The police version of the episode is substantially this: Officers DiOrio and Ferrante of the Newark Police Department were patrolling their beat shortly after midnight when they noticed a group of people, all Negroes, congregated around a parking meter at Springfield Avenue and West Street where their automobile was parked. There had been numerous complaints about thefts from parking meters, and so they walked across the street to investigate. While they were talking to the group and had just about satisfied themselves there was nothing wrong, defendant came upon the scene and pushed his way into the center of the group, demanding to know what was going on. Upon being asked whether he belonged with the group defendant said he did not, whereupon he was told that this was police business and he should be on his way. There is some variation in the testimony of the officers as to which of them first engaged Taylor in conversation and told him to move on. When defendant then said he was going to make it his business, he was again told to leave. He refused, telling DiOrio that "no little [obscenity] cop was going to tell him what to do." DiOrio said he was not going to stand for that kind of talk, to which defendant replied that the only reason the officers had stopped and questioned the people was because they were colored, and the only reason for telling him to move on was because he was colored. He added: "You cops have been getting away with this [obscenity] long enough." He spoke of having very influential friends, said he was going to bring the officers up on charges, and demanded their badge numbers. DiOrio then told defendant he was under arrest. It was at about this time that Ferrante sent the group under investigation, then seated in their car, on their way; the car drove off. DiOrio proceeded to arrest defendant by seizing his arm. Taylor, who was six feet tall and weighed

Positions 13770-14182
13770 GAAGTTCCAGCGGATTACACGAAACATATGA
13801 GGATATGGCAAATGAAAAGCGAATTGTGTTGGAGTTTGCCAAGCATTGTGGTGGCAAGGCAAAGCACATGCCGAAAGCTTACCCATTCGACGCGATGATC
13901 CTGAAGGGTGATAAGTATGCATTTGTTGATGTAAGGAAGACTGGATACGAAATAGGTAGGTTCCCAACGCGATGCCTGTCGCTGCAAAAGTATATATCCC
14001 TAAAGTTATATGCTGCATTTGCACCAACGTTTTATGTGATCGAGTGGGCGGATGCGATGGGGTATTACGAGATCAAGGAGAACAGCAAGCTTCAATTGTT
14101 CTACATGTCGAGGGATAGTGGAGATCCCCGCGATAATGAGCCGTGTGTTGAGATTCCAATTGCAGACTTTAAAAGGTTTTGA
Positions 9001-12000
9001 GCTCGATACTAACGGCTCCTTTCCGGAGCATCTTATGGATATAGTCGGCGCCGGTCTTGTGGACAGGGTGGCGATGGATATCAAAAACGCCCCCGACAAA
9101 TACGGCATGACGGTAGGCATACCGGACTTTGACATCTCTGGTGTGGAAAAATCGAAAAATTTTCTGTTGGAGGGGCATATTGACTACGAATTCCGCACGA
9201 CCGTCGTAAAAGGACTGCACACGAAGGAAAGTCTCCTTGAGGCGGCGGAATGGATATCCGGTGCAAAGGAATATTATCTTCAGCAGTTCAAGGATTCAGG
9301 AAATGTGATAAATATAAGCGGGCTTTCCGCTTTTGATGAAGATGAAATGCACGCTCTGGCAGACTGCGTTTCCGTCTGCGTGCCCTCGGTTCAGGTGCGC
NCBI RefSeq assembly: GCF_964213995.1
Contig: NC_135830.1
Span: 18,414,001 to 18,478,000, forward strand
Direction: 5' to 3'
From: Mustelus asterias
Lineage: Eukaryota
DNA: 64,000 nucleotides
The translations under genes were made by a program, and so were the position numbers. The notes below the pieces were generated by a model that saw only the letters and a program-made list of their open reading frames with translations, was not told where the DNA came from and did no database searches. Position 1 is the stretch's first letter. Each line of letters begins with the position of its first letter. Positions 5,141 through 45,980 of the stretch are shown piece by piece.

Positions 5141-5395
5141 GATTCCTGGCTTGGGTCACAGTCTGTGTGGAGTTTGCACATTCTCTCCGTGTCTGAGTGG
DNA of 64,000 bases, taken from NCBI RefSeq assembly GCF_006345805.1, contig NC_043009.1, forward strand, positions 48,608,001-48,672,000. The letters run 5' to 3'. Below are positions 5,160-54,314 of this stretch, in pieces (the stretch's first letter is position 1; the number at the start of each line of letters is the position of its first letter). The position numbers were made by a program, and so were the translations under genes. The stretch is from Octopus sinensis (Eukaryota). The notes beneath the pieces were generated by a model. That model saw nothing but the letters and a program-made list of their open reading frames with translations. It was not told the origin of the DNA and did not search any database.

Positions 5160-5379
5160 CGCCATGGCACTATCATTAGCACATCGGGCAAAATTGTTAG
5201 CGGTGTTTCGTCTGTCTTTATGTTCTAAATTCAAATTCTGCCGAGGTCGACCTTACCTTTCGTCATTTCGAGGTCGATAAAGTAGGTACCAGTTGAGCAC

300 pounds, jerked or thrust his arm in such a manner as to send DiOrio, who was some four inches shorter and weighed 149 pounds, sprawling to the ground. Thereupon Ferrante, who was six foot two and weighed 255 pounds, grabbed defendant's arm in a hammerlock, and the two officers then escorted him across the street to a police callbox at the intersection of West and William Streets and Springfield Avenue. Ferrante's testimony was that defendant was belligerent and had to be restrained as they crossed the street; DiOrio said he went quietly.

The police account continues, that on reaching the intersection Taylor was ordered to face a wall located some 10 or 15 feet from the callbox, raise his hands above his head and place them against the wall. Ferrante proceeded to put in a call for the patrol wagon, while DiOrio, standing in back and a little to the right of defendant, began to search him. Suddenly defendant turned around, striking DiOrio's neck with his left forearm and again knocking him to the ground. Taylor started to run in the direction of Ferrante, who tried to stop him and then hit him with two "judo chops," delivered with the side of the hand, one against the jaw and the other to the back of the neck. Defendant went face-down on the ground. Ferrante picked him up and saw that his face was bloody. Shortly thereafter the patrol wagon arrived. Two of the policemen on the wagon also testified that defendant's face was bloody.

DiOrio testified that when defendant struck and knocked him down the second time he said, "You can't lock me up." He admitted, however, that he testified in police court that the remark made by defendant at that time was a repetition of the obscene epithet ascribed to him in front of 126 Springfield Avenue; also that Ferrante rescued him from defendant, rather than that defendant ran into Ferrante. Ferrante testified that he did not hear defendant say anything at all at the corner of West and William Streets, although he claimed to have seen him strike DiOrio.

Defendant's version differed completely from that of the officers. He lived only a few houses from the scene, at 136